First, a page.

Friday, June 23, 2006

"What's the right way to include human tasks in a BPEL process, and why?"

Bruce Silver points to my qualified defence of BPEL4People and asks what the best way to include human tasks in a BPEL process is.

I'm not going to attempt a full answer, and I'm not even going to refer to BPEL4People. Rather, I'm just going to make an argument for why human task support inside a process is useful and why human task support outside a process is useful.

Human tasks outside a process

The idea of being able to "invoke a human as a service" is such a good idea that the process people shouldn't be allowed to keep it for themselves. I can think of hundreds of applications where being able to put a piece of work on someone's worklist - and know when they've done it - would be brilliant. Imagine a banking application that allowed you to leave a message for your bank manager, know when they've read it and which allows them to give their answer directly.

An external human task manager lets you do this and it's really, really useful. WebSphere Process Server has one of these things and it works really well. Once you have it, you keep on thinking of new uses for it.

The obvious next thought, however, is to think that we've succeeded in some unstated goal of abstracting humans into (expensive) web services.

The problem is that, as great as an external task manager component is, a human is not a machine and there are aspects of human behaviour that are qualitatively different. That is: there are behaviours that one would like to model that are not best expressed through a simple (e.g. WSDL) interface.

These behaviours become particularly apparent when developing a solution that automates part of a business process

Human tasks inside a process

BPEL is the industry's current attempt to define an executable language for describing a business process. I think that's a little ambitious - although I do think it is more than just a web services scripting language.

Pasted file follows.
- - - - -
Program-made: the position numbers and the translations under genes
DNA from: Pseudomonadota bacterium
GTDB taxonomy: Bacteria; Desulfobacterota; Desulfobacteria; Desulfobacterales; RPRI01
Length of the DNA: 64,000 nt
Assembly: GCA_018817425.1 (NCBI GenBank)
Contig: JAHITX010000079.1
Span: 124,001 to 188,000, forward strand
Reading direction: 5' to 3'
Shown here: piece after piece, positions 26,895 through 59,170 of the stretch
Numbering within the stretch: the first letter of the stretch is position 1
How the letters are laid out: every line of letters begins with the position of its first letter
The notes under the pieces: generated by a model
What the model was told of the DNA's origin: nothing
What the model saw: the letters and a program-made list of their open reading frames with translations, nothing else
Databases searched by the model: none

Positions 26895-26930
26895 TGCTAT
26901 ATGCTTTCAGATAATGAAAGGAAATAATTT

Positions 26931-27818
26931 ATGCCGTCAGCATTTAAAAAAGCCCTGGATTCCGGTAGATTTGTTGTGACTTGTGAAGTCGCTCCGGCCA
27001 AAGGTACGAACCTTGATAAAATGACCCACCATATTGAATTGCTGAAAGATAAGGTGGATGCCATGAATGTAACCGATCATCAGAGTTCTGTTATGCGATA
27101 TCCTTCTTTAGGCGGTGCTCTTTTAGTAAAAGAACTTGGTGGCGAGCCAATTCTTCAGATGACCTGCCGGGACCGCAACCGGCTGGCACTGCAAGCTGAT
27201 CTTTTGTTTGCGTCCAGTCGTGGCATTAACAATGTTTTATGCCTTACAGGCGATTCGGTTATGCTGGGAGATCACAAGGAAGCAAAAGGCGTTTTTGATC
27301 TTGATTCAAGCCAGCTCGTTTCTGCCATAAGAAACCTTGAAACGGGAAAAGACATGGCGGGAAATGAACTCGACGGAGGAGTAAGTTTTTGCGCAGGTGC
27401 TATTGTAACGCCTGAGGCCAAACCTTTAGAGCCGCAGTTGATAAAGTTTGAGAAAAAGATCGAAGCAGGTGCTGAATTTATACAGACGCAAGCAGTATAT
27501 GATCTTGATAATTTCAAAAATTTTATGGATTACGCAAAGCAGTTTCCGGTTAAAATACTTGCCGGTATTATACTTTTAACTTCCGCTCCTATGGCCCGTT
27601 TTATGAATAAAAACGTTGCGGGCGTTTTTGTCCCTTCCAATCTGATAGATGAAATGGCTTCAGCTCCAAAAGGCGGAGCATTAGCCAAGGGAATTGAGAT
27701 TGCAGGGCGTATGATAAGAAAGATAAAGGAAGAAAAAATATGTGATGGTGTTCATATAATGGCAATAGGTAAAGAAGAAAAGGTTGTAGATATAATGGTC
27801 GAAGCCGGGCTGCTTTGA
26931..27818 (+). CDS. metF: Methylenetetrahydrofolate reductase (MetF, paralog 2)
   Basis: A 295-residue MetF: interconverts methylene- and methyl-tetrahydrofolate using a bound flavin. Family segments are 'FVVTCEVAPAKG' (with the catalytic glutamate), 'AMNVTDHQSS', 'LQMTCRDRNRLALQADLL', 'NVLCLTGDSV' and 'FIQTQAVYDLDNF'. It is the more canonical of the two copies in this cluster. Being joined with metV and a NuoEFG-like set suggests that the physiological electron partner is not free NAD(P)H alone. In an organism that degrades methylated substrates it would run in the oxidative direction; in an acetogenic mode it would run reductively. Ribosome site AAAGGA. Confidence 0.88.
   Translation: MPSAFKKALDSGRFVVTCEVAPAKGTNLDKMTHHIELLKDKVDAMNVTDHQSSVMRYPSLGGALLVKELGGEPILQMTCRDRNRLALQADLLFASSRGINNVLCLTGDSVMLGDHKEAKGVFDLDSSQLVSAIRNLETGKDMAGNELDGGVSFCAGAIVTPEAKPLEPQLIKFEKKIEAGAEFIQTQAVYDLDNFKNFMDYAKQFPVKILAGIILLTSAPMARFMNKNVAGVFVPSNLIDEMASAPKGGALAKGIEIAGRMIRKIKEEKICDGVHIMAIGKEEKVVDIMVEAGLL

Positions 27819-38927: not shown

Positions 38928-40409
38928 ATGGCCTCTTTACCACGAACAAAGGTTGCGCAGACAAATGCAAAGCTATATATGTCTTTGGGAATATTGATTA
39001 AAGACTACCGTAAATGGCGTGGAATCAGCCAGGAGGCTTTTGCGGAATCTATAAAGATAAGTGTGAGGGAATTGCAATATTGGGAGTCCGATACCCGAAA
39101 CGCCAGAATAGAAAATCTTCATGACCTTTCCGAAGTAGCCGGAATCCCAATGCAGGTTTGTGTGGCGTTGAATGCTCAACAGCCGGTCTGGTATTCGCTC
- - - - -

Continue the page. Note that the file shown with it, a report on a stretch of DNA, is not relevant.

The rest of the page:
In BPEL, we are encouraged to think about the concept of an "invoke". This is an entity in BPEL that says; "At this point, we need to invoke some functionality that exists elsewhere. Here is the input data and this is where we should store the data that comes back". At execution, the BPEL engine turns this into a web services call (most usually, at least).

This model can be thought of as the archetypal command-and-control approach. "Do this!". "Now do that!". "Did it work? Good! Now do this!"

Many processes are like this and many applications can be built on this model. In such cases, "invoking" a human in this manner is reasonable.

However, many other classes of process can be thought of in terms of a flow. Somebody does something, then a bit of automation happens, then somebody else does something. Such processes are often typified by a collective knowledge of what needs to happen next. People just seem to "know" when they are required.

When trying to model such processes, it is far more productive to model the human interactions inline. The interplay of the various people in the process is intrinsic to the process. "Swapping out" a human for a machine (as could be done in the "invoke" case) just doesn't make sense. Instead, it is useful to be able to say things like: "This step is done by a human. It can't be the one who did the previous step but it must be a manager. If they haven't done it within a day, escalate it to their boss".

Sure... this could be configured external to the process in the external human task manager but the enforced separation seems unnatural to me in such a case.

Conclusion

My claim, therefore, is that we need support for human tasks both inside a process and outside a process. It may well be that BPEL4People is over-complicated (I'm not qualified to say) but I do suspect that it will prove to be on the right lines.

2 comments:

Roo Reynolds said...

Fascinating and thoughtful stuff Richard.

Ian Hughes has stated calling the commoditisation of human effort the 'wetware grid'. Amazon's Mechanical Turk service is a pretty powerful example - and demonstrates that people are not always all that expensive.

The BPEL angle is an interesting one. I wonder how long it will be before I'm developing applications which invoke all kinds of services, including myself.

Richard Brown said...

Thanks Roo.

Love the term "wetware" :-)

I was going to sign up to mechanical turk until I realised how low the rates could be!